You know what happens: The minute you put your baby down, she cries. Pick her up and, presto — she’s serene and smiley again. If just holding your baby can be so soothing, imagine how she’ll benefit from a full-body massage. In fact, studies have shown that massaging an infant can reduce crying and fussiness, help her sleep more peacefully, and alleviate common wail-inducers like constipation and colic. Some say that it even boosts a baby’s ability to fight off germs.
Read our article “Wondering What to Do When Babies Get Constipated? Here’s 10 Ideas!”
“When you give your baby a massage, you’re actually stimulating her central nervous system,” explains Tiffany Field, PhD, director of the Touch Research Institute at the University of Miami School of Medicine. “That sets off a chain reaction: It makes her brain produce more serotonin, a feel-good chemical, and less cortisol, a hormone that’s secreted in response to stress. As a result, your baby’s heart rate and breathing slow down, and she becomes more relaxed. ” ~Parents.com
Have a preemie? Premature babies seem to benefit even more:
Massage may be particularly good for premature babies in special care, resulting in:
- Improved weight gain, particularly if oils are used. Massage stimulates a key nerve, called the vagus nerve, which connects the brain with important parts of the body, including the stomach. Stimulating this nerve can improve digestion and bowel movement, helping your baby to gain weight.
- A more stable heart rate. Massage improves the parts of the nervous system that regulate our organs. So massage can help to keep your premature baby’s heart rate steady.
- Calmer response to stress and pain.
- More stable brain activity. Premature babies who are massaged tend to have brain activity that develops at a normal level. Premature babies who are not massaged have shown a decrease in brain activity development.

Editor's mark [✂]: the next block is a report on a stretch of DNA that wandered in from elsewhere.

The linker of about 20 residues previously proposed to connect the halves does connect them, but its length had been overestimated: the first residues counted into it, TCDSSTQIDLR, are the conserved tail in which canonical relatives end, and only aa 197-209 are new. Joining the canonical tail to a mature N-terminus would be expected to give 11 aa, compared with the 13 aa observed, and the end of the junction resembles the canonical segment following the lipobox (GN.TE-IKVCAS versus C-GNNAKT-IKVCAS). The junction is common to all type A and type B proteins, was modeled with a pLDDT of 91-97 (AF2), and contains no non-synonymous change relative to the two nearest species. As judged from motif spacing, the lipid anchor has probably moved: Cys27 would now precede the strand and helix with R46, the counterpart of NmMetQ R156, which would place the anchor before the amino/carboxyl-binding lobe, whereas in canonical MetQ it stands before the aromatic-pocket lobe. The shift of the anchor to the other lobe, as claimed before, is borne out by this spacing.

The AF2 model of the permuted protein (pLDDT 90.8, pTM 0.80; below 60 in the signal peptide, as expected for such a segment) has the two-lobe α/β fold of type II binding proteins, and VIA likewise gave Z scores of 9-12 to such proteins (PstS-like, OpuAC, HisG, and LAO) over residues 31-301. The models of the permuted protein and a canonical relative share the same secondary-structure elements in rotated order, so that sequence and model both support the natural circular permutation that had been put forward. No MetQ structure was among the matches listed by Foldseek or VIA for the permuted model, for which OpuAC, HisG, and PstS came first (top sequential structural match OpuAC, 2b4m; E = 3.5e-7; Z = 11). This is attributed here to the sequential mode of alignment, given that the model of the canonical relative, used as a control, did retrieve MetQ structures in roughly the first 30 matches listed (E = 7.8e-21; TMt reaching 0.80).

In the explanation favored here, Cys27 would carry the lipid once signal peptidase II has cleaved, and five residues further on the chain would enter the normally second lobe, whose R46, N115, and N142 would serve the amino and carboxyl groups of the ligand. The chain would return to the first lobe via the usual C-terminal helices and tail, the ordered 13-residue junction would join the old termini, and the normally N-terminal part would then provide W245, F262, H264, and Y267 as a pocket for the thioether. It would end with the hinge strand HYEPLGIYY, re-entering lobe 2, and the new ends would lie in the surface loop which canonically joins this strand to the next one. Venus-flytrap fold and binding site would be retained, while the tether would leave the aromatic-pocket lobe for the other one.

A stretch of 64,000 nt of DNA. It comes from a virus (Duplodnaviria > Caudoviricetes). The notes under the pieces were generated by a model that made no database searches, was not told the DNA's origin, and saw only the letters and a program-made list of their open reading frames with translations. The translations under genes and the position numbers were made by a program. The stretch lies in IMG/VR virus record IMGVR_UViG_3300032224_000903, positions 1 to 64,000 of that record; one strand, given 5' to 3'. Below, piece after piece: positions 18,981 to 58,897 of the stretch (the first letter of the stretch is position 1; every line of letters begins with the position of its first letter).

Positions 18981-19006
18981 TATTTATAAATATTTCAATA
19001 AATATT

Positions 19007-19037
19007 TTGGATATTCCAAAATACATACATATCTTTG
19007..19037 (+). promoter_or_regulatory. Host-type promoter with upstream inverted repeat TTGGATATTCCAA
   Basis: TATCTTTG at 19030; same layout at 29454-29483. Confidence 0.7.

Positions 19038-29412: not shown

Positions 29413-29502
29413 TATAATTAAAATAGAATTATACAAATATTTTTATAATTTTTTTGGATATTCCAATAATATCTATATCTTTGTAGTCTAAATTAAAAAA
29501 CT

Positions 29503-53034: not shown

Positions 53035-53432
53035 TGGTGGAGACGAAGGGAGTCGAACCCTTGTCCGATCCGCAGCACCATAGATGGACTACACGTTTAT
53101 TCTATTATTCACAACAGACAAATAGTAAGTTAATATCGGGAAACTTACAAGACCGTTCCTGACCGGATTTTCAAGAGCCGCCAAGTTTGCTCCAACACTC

These benefits may contribute to the finding that massaged premature babies tend to be well enough to go home with their families sooner than babies who aren’t massaged. ~BabyCentre
Great for bonding too!
In many ways, touch is our first language. Gentle and loving touch can help small babies grow stronger and feel less anxiety. Infants who are touched display more eye contact, smiles and vocalizations. In many hospitals and birth centers, newborns are placed on the mother’s chest or abdomen to give them as much skin-to-skin contact as possible. The touch between you and your baby brings you emotionally close — a process known as bonding or attachment.
Massage is a wonderful way to help strengthen your bond. This is the key to a child’s development, as many researchers and clinicians feel that a positive maternal child bond helps to form the basis for future relationships. ~Johnson’s
Convinced? Now for the “How-To”
Baby Massage Techniques
Isis Instructor Lynn Darbyshire demonstrates some infant massage techniques…
Ready to give your baby a full body massage?
Latest posts by Lori (see all)
- 7 Things to Know About Breastfeeding in Public - July 16, 2019
- The Ultimate Guide to Summer Baby Care For New Moms - July 12, 2019
- DIY Baby Food – 3 Easy Recipes to Get You Started - July 4, 2019